Our Morning Roundup: McWhorter, Saletan, and the Color of Performance
Good morning, City Desk readers, and welcome to another edition of Freedom Friday. We're wrapping up our Summer Music Guide as I type, and I can assure you that it's going to be a doozie–the kind of doozie you'll likely keep on your coffee table from May 15 through September 1 as a quick reference to the summer's most notable shows, from Baltimore to Richmond and everywhere in between.
William Saletan vs. John McWhorter and Stephen Colbert vs. Byron York, after the jump.
- At his New Republic blog, John McWhorter lights into Slate's William Saletan (Amanda Hess' favorite pro-lifer). A few years ago, McWhorter writes, Saletan "was shot at like a varmint...after writing some columns on evidence that black people are genetically less gifted mentally than whites," and now he's being too timid in response to findings that No Child Left Behind has failed to close the achievement gap between white and black students. Specifically, McWhorter thinks Saletan made a mistake by asking "Why categorize and measure students by race?" McWhorter, who is both black and conservative–two decades after Armstrong Williams rose to prominence, this still qualifies as a novelty–backed off a little when he read the mea culpa that Saletan, who's white and conservative, published. The novella-length exchange is worth your time. In short, McWhorter maintains that education critics shouldn't shy away from the topic, even if the new study suggests that disparities in academic performance transcend environmental factors, but Saletan just isn't ready to go there. My two cents: The best public schools in the country are light-years behind mediocre private institutions. Why, then, are we surprised that a federally mandated public education program put together by Republicans failed to do what university-level education departments haven't been able to accomplish in decades of classroom experiments? Now would be a great time to stick it to Congress–most of which members' children attend private schools–for killing D.C.'s voucher program.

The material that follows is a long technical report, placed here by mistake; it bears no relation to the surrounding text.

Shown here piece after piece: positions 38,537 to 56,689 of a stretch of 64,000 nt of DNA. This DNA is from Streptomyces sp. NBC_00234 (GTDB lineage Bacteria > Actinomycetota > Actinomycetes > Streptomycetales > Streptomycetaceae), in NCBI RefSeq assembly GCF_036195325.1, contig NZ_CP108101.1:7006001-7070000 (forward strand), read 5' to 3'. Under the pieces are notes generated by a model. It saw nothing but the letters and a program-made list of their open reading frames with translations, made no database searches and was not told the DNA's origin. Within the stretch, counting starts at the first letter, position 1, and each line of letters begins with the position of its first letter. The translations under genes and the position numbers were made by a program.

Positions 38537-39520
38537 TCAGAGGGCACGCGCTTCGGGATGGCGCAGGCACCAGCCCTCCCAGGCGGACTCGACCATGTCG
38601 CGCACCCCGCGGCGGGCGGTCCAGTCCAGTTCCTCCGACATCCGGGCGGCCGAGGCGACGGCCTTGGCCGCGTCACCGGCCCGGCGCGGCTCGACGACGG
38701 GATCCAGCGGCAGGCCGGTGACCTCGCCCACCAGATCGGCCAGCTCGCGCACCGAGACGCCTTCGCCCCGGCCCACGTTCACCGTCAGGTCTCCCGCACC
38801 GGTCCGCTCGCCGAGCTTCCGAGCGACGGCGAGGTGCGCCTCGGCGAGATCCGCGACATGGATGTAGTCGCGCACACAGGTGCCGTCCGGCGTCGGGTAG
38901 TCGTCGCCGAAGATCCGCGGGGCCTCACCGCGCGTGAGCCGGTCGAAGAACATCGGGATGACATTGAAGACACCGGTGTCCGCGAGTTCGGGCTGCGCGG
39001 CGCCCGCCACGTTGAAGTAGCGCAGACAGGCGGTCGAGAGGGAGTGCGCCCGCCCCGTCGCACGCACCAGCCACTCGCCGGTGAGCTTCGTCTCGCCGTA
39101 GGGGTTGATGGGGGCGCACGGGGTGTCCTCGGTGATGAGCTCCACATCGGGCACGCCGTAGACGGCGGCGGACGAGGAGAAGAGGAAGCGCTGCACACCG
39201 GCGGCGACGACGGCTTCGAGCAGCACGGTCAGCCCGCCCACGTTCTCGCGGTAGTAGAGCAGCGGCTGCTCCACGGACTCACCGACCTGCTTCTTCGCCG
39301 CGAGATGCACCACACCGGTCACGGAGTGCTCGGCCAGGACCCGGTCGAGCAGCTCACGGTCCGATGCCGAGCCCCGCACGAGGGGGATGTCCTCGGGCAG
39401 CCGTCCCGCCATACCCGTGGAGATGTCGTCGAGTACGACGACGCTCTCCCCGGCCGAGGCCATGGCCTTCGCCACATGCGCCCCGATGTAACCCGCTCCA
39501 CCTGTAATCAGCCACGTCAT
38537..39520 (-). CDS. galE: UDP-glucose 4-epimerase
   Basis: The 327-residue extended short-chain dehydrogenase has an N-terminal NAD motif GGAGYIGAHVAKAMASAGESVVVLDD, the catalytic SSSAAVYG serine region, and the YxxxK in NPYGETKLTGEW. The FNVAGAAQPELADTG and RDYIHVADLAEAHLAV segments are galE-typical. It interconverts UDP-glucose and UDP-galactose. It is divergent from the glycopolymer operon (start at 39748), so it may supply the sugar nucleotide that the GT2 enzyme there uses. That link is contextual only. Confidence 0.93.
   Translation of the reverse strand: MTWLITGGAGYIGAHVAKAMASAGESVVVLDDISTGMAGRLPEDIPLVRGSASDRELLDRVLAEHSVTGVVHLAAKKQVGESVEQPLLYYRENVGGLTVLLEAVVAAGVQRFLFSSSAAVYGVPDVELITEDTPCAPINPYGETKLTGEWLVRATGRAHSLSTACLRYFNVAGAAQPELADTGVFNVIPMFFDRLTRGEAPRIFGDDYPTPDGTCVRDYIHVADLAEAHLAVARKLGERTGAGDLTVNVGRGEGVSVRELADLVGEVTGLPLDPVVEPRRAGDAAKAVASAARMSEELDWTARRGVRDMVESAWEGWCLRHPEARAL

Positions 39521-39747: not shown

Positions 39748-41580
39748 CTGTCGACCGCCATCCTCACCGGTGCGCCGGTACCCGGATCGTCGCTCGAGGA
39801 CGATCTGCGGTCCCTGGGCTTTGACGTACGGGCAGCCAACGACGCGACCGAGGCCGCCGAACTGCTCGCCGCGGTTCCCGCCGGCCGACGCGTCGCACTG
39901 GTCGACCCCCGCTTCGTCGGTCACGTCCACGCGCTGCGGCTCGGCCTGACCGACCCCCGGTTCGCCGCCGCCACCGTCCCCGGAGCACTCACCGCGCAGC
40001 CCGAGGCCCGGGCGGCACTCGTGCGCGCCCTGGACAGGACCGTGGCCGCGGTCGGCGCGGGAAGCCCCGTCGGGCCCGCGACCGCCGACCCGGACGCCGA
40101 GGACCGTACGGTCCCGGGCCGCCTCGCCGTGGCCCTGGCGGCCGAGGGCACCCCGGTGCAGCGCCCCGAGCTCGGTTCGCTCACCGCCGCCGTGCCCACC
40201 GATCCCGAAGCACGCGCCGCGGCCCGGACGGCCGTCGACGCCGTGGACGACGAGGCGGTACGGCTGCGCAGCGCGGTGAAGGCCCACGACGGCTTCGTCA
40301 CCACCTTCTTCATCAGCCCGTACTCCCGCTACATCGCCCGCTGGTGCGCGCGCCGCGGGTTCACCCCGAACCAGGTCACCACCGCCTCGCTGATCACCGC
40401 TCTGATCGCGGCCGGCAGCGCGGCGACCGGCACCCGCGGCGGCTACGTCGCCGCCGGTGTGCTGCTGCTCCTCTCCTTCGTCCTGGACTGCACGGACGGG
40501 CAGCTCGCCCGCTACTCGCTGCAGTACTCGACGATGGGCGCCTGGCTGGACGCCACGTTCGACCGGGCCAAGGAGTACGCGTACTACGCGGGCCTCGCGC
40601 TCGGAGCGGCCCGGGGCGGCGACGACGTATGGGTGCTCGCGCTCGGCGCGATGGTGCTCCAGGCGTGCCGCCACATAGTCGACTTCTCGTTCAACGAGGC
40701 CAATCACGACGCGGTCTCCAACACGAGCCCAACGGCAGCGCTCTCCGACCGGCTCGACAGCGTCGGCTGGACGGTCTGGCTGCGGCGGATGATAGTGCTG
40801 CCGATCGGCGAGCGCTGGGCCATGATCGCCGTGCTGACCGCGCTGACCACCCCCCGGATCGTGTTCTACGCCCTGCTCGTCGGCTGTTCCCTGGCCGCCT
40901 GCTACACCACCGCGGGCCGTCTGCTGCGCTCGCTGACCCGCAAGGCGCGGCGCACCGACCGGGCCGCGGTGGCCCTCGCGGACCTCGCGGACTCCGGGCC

- Also on the race front: FishbowlDC (yeah, that Fishbowl) did a nice job capturing (and by "capturing," I mean, "imbedding a video of") Stephen Colbert lambasting Washington Examiner columnist Byron York. The sentence that got Colbert's team of writers–as well as Matt Yglesias (or, at least we think it was Yglesias who wrote about it)–so upset? "But if a new survey by the New York Times is accurate, the president and some of his policies are significantly less popular with white Americans than with black Americans, and his sky-high ratings among African-Americans make some of his positions appear a bit more popular overall than they actually are." The rest of the column is simply a recitation of approval ratings broken down by race (York discovered that Obama has a significantly higher approval rating–we're talking 20-30 percentage points–among black voters). The fallout from his column was hot enough to inspire York to write a follow-up. IMHO, this kind of analysis is innocuous compared to the racial finger-pointing that Andrew Sullivan, Dan Savage, and, yes, even I committed when exit poll data suggested that blacks and Latinos bore a disproportionate responsibility for the passage of Proposition 8 in California. (Nate Silver, god love'm, proved us all wrong.)
That's it for me, good readers. Keep your eyes peeled for next week's Summer Music Guide.